Published in the November 2003 issue of Today’s Hospitalist
A family physician in rural Georgia sees a toddler with an unusual rash or a teenager with an uncommon set of symptoms. There is no one in the office to grab for a curbside consult. Time spent on the telephone or at the computer asking for advice, seeking a subspecialist and arranging a hospital admission, is time away from a waiting room full of other patients who need help. What is she going to do?
Enter “Doctor Direct,” a free telephone service set up more than 10 years ago by Scottish Rite Pediatric and Adolescent Consultants (SRPAC), the hospitalist group at Children’s Healthcare of Atlanta.
Any pediatrician, family practitioner, emergency room physician or supervised MLP in Georgia taking care of a child can call a toll-free number any time of the day or night, and the call will be answered by one of SRPAC’s seven hospitalists. There are no messages to leave or secretaries to navigate.
“You won’t find this anywhere else,” says Richard D. Kenney, MD, a founding member of the group. “There is no operator intervention. One doctor gets another doctor … directly. You call me, you get me. Sometimes that’s a real shock to doctors who call us for the first time.”
Less shocking is what a successful marketing mechanism Doctor Direct has been for the hospitalist group. Most of the calls come from office-based or emergency room physicians asking the SRPAC doctors to admit one of their patients. Another significant number are calls from primary care physicians asking the SRPAC general pediatricians either to recommend a subspecialist or to arrange a subspecialty referral directly so the office-based physician does not have to spend time doing it.
About 20% are calls asking the hospitalists for advice about a patient’s diagnosis or treatment or for reassurance that what they have done is correct.
“When we were thinking about putting this in place years ago,” Dr. Kenney explains, “we thought about how doctors interact. They either catch someone in the hall, or they have a close colleague they call and ask them what they think. Or they are troubled by a diagnosis or a finding.”
“Most primary care offices work on volume,” he adds. “If a doctor has to spend a lot of time on the phone trying to arrange a transfer or a referral and is hassled by everybody, he’s not going to call again.”
In 1992, when the SRPAC hospitalists were just getting their practice off the ground, they realized that they had a lot of work to do just to get pediatricians and family physicians across Georgia to realize they existed. Their hospital-Children’s Healthcare of Atlanta at Scottish Rite–was known for subspecialty care, not general pediatric care.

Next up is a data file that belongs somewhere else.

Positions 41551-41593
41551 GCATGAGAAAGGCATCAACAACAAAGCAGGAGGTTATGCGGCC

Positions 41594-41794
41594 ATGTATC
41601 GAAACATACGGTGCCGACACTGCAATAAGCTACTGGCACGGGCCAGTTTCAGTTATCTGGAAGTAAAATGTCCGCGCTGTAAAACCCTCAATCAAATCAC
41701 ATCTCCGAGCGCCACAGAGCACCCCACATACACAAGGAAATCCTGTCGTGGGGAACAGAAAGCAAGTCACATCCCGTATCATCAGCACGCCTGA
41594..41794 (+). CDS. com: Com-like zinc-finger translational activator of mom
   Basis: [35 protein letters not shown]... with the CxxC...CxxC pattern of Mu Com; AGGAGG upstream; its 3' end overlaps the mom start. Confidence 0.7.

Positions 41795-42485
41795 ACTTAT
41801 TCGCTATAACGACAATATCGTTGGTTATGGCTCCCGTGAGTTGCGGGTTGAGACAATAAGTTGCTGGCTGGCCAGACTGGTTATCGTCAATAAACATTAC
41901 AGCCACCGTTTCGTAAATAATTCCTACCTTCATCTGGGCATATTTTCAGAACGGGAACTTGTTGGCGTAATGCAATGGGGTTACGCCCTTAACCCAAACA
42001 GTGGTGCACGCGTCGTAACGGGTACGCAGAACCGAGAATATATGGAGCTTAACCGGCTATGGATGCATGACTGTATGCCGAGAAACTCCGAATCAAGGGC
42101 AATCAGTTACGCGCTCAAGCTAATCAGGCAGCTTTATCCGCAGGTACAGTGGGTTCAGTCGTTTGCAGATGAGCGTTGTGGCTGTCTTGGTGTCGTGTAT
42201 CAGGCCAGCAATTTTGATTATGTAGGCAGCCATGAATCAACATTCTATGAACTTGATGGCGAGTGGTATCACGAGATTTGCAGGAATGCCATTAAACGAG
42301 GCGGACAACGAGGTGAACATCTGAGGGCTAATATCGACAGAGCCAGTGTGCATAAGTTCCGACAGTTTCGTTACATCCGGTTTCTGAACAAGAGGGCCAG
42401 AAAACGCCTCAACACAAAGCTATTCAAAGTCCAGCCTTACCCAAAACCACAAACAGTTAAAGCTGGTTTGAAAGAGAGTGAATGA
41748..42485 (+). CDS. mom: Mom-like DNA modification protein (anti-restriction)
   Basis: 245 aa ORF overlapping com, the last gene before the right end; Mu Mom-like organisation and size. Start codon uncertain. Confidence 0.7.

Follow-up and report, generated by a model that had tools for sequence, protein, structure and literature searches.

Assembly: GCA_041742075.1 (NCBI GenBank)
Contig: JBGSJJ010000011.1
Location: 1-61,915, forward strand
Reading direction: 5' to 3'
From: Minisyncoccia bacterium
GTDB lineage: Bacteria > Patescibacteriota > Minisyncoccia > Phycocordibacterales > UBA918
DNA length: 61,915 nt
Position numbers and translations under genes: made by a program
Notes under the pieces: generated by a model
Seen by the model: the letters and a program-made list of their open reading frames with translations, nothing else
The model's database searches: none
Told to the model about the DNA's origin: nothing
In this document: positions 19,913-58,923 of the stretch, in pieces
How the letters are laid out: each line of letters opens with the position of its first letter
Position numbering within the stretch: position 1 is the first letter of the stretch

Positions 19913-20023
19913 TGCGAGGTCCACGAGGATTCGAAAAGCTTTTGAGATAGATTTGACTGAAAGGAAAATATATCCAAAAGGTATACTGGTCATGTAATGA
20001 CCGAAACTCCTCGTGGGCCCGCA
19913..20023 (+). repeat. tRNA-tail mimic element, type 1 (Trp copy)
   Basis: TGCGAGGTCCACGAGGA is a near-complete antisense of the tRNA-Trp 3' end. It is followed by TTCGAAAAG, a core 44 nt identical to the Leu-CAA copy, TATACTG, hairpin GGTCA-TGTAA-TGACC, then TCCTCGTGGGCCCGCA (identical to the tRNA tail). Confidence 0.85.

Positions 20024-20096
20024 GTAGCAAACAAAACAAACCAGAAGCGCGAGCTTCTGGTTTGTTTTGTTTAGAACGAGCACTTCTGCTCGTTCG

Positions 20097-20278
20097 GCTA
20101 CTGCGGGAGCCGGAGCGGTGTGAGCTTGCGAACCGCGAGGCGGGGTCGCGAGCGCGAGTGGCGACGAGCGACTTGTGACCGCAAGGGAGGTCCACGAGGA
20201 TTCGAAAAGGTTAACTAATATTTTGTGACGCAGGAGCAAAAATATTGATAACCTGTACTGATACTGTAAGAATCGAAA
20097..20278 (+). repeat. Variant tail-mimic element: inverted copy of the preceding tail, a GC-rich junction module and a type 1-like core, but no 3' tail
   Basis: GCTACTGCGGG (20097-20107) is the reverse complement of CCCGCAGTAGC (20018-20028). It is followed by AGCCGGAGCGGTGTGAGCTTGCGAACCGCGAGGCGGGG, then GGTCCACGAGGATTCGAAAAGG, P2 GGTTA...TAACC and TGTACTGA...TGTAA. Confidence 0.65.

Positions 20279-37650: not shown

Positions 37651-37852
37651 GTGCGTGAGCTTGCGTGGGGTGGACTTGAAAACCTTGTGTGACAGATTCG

Before 1992, Dr. Kenney recalls, nonstaff physicians could not admit patients “efficiently, easily and welcomingly.” The latter point, he adds, was probably most critical in the minds of physicians in the community.
So Dr. Kenney and his colleagues, who are employed by the hospital system, went door to door, visiting about 1,400 physician offices around the state. As part of those visits, Dr. Kenney would explain that the doctors would carry a cell phone 24/7 to take calls from any physician who cares for children.
From January through October of this year, Doctor Direct has averaged a little more than 200 calls a month. (The phone rings significantly more often during the winter months than in the summer.) Hospitalists carry cards they use to log each call as it comes in, so staff can analyze how the service is being used. \
Although most calls are for an admission or a referral, the curbside consult aspect of Doctor Direct remains an indispensable part of the service.
“These are office-based doctors usually who use us as a second opinion,” Dr. Kenney explains. “A lot is reassurance. They say, ‘I want to make sure I’m not missing anything.’ Or they say, ‘I want to make sure you don’t think I should do something more.’ Most of the time, they are doing fine. We give them professional support.”
Because the phone service has been getting busier and busier with each passing year, SRPAC has had to institute a few changes. On some of the busiest days during the winter, the hospitalist answering the Doctor Direct cell phone was so busy answering calls that she barely had time to take care of her own admissions.
As a result, the SRPAC physicians just this year split the day in two shifts. And if the call volume is too much, the SRPAC physician charged with answering the phone that day has the option of passing it to a colleague.
And because the 800 number became known to pharmacies, nonphysician staff and even parents as a good way to reach a physician directly, other changes have been made. This year, after what Dr. Kenney describes as “a lot of soulsearching,” the group decided to triage the calls.
Callers now hear a message instructing physicians authorized to call Doctor Direct to “push 1.” Other callers are told to follow a series of prompts. Physicians who push 1 then reach the doctor with the phone, while all others are directed to various office and nursing staff.
The result, Dr. Kenney says, is many fewer calls from pharmacists–and no complaints from physicians.
Dr. Kenney says the Doctor Direct service’s main benefit is helping physicians in outlying offices navigate what can be a formidable subspecialty-oriented health care system. The hospitalists, in many ways, act as a broker, getting patients admitted easily or seen by subspecialists quickly.
“We help them get past office roadblocks,” he explains. “And it has paid off big in terms of referrals and admissions.”